We restore rivers for wildlife and people.
In the face of climate change, every model predicts Vermont will see more drought and more flooding. This is bad news for fish, wildlife, and communities. The good news is that there’s something we can do about it: protect land along rivers.
Our signature River Corridor Easements let landowners keep using their land as farms, forests, or wetlands, but they agree to let the river flow across their land. Instead of straightening riverbeds or lining banks with old tires, landowners let rivers run their course. These protected stretches let rivers meander in big, long S-curves, spreading out over the land. As a result, water slows and the land holds more water, decreasing the amount and speed of water crashing into downstream homes and businesses, and storing up groundwater for times of drought. Plus, these seasonal flooded areas create important wetland habitat for animals like wood turtles, heron, and otters – a win, win for landowners, neighbors, and wildlife.
No matter where we work, we use the right tool for the job. Sometimes, this means holding a conservation easement on 5,000 acres to protect old forests and headwater streams. Other times, this means buying 12-acres in downtown Brattleboro, hauling out a century of industrial fill, and giving the city a restored floodplain and community park.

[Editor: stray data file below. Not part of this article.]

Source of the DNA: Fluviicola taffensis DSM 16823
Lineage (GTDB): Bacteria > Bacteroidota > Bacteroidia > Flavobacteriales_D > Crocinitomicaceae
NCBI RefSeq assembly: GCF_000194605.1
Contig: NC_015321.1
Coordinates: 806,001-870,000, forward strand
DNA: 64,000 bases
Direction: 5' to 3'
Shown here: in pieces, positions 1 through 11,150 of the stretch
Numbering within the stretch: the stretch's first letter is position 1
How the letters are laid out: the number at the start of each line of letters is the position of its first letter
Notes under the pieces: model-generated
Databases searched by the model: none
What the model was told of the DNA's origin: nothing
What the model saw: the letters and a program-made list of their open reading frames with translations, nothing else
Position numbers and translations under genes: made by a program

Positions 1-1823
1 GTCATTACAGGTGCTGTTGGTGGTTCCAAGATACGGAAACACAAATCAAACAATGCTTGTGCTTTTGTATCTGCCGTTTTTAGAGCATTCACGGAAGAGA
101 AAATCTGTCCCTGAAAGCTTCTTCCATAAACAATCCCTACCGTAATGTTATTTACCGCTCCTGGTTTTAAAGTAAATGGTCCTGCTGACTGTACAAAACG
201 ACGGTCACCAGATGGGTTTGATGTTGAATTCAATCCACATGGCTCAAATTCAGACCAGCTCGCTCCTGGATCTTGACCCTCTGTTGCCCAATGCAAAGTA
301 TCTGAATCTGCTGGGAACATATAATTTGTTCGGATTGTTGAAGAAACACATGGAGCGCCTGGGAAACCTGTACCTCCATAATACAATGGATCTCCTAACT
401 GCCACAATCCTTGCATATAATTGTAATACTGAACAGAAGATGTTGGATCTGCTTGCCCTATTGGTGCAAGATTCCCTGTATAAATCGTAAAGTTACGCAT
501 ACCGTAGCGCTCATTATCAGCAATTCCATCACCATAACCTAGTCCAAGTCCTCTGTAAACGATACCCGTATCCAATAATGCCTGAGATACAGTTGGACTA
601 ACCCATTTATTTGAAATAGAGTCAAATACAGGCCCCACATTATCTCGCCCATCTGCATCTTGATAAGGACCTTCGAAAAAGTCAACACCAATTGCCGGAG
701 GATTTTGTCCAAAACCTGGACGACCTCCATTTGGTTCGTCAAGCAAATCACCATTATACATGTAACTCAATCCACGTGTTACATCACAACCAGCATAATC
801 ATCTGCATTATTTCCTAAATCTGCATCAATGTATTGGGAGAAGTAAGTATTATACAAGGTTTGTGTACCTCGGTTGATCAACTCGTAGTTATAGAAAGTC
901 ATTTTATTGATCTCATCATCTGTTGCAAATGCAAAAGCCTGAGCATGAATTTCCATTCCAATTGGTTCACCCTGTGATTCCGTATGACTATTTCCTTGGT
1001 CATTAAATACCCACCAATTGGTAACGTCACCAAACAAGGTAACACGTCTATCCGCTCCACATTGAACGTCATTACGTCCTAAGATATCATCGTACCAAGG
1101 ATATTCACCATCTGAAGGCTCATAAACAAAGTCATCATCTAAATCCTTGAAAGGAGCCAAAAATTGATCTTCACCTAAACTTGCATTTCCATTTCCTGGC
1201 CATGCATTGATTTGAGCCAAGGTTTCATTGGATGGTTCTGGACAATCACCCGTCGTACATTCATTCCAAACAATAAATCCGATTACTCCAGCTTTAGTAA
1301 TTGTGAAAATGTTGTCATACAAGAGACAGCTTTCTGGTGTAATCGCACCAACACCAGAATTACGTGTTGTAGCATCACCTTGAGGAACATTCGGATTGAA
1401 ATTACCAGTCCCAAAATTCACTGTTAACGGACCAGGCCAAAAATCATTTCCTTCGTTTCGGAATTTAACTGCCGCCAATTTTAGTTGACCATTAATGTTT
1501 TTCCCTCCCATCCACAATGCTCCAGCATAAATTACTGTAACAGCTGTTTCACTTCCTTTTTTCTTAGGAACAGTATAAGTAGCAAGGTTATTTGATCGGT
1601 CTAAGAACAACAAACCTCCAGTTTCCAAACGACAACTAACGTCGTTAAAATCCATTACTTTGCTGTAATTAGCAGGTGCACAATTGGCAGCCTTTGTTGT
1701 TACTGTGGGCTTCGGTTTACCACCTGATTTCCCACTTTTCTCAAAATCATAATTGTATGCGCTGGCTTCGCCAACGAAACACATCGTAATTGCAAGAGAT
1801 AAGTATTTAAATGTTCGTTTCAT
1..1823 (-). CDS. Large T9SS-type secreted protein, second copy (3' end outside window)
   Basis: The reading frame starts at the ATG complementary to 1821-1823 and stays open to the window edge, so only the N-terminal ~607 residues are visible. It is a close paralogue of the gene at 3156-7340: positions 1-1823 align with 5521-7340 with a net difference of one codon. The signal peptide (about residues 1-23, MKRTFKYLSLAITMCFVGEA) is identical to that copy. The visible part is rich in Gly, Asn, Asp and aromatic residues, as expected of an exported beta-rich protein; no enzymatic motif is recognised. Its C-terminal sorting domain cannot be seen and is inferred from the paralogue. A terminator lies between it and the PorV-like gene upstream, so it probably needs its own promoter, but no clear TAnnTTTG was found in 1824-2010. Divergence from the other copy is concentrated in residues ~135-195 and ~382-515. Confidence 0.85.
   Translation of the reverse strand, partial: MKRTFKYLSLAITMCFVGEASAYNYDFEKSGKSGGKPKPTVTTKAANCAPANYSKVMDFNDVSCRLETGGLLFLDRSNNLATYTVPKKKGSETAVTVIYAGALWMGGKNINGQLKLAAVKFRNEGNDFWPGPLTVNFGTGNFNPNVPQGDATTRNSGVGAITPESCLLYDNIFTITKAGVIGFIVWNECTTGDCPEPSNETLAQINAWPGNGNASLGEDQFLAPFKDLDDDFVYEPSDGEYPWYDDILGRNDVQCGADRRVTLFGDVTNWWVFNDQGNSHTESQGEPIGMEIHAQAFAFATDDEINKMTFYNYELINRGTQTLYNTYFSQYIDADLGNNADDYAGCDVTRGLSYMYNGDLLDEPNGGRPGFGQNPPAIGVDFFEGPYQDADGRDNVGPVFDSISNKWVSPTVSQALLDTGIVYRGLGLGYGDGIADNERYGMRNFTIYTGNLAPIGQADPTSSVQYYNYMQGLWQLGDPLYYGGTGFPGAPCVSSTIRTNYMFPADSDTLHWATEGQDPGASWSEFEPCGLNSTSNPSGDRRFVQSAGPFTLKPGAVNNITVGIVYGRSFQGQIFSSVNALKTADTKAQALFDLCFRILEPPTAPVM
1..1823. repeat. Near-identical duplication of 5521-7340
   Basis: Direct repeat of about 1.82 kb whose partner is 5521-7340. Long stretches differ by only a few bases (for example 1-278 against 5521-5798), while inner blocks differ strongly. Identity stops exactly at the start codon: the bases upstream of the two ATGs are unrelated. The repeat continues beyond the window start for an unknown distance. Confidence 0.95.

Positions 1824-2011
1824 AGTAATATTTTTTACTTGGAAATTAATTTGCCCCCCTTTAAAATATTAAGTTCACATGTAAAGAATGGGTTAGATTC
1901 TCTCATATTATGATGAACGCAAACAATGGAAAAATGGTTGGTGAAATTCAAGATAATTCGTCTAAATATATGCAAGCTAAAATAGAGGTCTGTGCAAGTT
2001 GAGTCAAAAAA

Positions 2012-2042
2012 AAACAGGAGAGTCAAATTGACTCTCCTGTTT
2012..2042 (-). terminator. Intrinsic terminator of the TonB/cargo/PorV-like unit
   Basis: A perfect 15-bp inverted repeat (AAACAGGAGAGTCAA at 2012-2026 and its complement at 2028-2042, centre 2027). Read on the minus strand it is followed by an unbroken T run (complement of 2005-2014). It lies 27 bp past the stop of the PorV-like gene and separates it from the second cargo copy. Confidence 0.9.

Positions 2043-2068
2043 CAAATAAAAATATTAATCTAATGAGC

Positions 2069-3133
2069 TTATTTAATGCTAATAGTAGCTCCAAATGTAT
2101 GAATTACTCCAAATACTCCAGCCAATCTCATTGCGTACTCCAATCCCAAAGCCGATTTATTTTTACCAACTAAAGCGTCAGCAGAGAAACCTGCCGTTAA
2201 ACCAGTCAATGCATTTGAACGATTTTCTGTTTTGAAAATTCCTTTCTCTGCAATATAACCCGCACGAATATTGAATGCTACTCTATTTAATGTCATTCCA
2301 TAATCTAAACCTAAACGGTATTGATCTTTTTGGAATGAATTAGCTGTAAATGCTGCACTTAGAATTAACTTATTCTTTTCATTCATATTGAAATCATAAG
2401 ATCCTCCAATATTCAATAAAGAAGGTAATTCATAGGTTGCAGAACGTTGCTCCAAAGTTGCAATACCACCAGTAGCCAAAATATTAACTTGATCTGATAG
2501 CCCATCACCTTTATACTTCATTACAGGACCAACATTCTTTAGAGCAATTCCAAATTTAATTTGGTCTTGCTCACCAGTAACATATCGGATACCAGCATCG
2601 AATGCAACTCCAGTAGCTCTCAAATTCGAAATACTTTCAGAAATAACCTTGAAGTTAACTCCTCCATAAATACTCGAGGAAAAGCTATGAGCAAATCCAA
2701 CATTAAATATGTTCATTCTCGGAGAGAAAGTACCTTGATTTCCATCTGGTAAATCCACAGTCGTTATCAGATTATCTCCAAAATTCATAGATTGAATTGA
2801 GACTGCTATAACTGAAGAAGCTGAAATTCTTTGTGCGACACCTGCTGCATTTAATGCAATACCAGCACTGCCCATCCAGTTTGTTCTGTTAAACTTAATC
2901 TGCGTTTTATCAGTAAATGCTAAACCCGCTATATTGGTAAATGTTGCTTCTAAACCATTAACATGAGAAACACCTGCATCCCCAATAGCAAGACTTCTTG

Bookending North Troy recreation fields, the wastewater treatment plant, and a hydro dam, we’re working to protect two parcels on the Missisquoi River. Farmed years ago, the land is reverting back to wetlands, and offering an opportunity to convert low-value farmland to high-value wetland.Learn More
Brattleboro Park and Flood Protections
After Tropical Storm Irene devastated downtown Brattleboro, all eyes turned to 250 Birge Street, one of the best opportunities to slow future floods. We stepped up to buy the 12-acre property. Now we're cleaning it up, restoring it as a floodplain, and building a riverfront park.Learn More
Woodbury Mountain Preserve
We're partnering with Northeast Wilderness Trust to protect 6,000 acres at the headwaters of the North Branch of the Winooski River. It's a once in a lifetime chance to give our rivers (and generations to come) the gift of old forests and freshwater streams.Learn More